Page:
However, in most cases it is virtually impossible to know this early if a person is right for you. It often takes a few dates to realize that you're starting to connect to each other. When in doubt, give it a second chance. Many couples are happily-married today because they followed this advice.

Particularly, physical attraction often takes time to build. Many of us have an idealized look we like, and when we date someone who doesn't fit that ideal we might be inclined to say, "I'm not attracted" -- and not go out any longer. Many people have told us that they decided to give themselves a few more dates to get to know the other person better, even though they weren't attracted at first, and found that the other person's looks grew on them. This is a relatively short process; the attraction usually starts to develop within the first three to five dates.

Myth #6 - First impressions about a blind date are always correct.


It's part of human nature that people aren't always themselves when they meet someone new. Someone who is slow to warm up might be more comfortable on a second or third meeting. Another person might be extremely charming at first but over time reveal himself to be controlling, selfish or rude. A bad day at work or a cold coming on could negatively affect someone's style of relating.

And then there are the normal mistakes people make and feel embarrassed about later -- putting their foot in their mouth, nervously talking too fast or too much, feeling uncomfortable because they wore absolutely the wrong thing for this particular date, or trying too hard to impress the other person. The real essence of another person takes time to come through. That's why it's a good idea not to rush to judgment on a first date.

Myth #7 - If we date longer, the qualities that bother me about the other person will get worked out.

This is probably the most common myth that misleads daters. No courtship is completely smooth. However, when something bothers you about the other person, and you can't come to terms with it yourself, or work it out with the other person at an early point in the courtship, it is probable that you won't be able to do so no matter how long you keep dating. It's called "spinning your wheels," and it often occurs when the other person seems right in so many respects, except for this one issue.

Some people have to experience this a few times before they realize the pattern they are in. When the right person comes along, major issues will either not be present or will get resolved quickly, and the courtship will be much smoother.

Myth #8 - The "right" girl will straighten him out!

This is a dangerous misconception. Change has to come from within a person. Marriage is not a "cure" for someone who is having trouble finding out what he wants to do with his life, can't control his temper, has trouble staying with a job or earning a living, doesn't think it is necessary for him to take medication that helps him be more functional, or can't handle the responsibilities of day-to-day living.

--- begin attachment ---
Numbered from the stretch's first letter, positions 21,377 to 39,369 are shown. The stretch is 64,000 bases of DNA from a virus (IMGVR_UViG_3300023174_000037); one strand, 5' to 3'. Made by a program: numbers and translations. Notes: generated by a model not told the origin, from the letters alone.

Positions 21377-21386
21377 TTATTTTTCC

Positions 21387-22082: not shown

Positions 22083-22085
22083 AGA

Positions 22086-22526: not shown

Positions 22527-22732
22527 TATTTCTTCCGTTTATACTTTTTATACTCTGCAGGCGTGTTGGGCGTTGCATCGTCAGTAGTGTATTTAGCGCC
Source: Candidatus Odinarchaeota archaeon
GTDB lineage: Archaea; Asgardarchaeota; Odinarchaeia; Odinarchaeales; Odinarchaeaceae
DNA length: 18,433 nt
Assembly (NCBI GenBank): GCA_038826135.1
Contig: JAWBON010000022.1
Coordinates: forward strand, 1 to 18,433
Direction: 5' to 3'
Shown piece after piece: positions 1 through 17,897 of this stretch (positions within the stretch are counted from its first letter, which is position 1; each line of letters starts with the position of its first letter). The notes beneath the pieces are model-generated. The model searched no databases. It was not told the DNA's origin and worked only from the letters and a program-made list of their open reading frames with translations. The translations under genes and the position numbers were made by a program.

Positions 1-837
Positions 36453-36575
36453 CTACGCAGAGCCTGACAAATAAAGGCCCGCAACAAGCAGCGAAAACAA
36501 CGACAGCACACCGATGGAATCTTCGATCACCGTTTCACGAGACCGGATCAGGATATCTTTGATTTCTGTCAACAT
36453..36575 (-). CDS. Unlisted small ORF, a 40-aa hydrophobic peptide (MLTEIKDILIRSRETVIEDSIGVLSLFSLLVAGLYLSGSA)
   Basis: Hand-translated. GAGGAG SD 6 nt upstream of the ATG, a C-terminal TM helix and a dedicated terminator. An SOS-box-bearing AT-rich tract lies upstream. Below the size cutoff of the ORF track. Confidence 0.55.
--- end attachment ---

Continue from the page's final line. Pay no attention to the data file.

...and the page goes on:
A "lost" soul should find himself before marriage, not during marriage. Unfortunately, many troubled people believe that once they find someone to marry, they don't need to whip themselves into shape, and unfairly expect their spouse to "fix" them. Most of the time, these marriages are very unhappy or end in divorce. If you've heard a rare story about someone who turned his life around after marriage, it's because he decided to do so on his own, irrespective of his spouse's emotional support.

Myth #9 - It doesn't matter if most of your friends and family don't like the person you're crazy about. You understand him, and your opinion is the only one that matters.

One of your friends or relatives may not like the person you're dating because of a personality conflict. However, when a few people who care about you feel there is a problem with your dating partner, they may see something that you can't see because of your emotions, attraction, or sense of pride.

In such a case, it's a good idea to take a closer look at what's happening. See your date in different settings, engage in more meaningful discussions about problematic issues, explore the other person's background, and date long enough to really know each other well before you make any decisions about the future.

Myth #10 - Love conquers all.

The myth that anything can be worked out if two people fall in love has led far too many people into ill-suited marriages. He wants to live in Israel, she prefers California; he wants to become more religiously observant, but she's not ready to give up pepperoni pizza; he wants his wife to stay at home when the children are young, but she expects to continue her career track.

Some couples decide to become engaged first and work out the details later. The problem is that since these lifestyle goals often go to the core of a person's sense of who he or she is, they aren't easily compromised. If they remain unresolved, they can become a recurrent source of conflict for a couple, and they are an invitation to a broken engagement or divorce. No matter how much two people care for each other, if they can't come to terms with significant differences in their values, lifestyle expectations, or dreams for the future, they're probably not going to make it long-term.

A version of this article first appeared on www.aish.com and it is reprinted with its permission.



Do you like this site? Sasson V’Simcha is a non-profit organization and relies on the support of
readers like you to help Jewish men and women achieve their goals of meeting the right person
and building a successful marriage. Click here to make a tax-deductible donation to Sasson V’Simcha.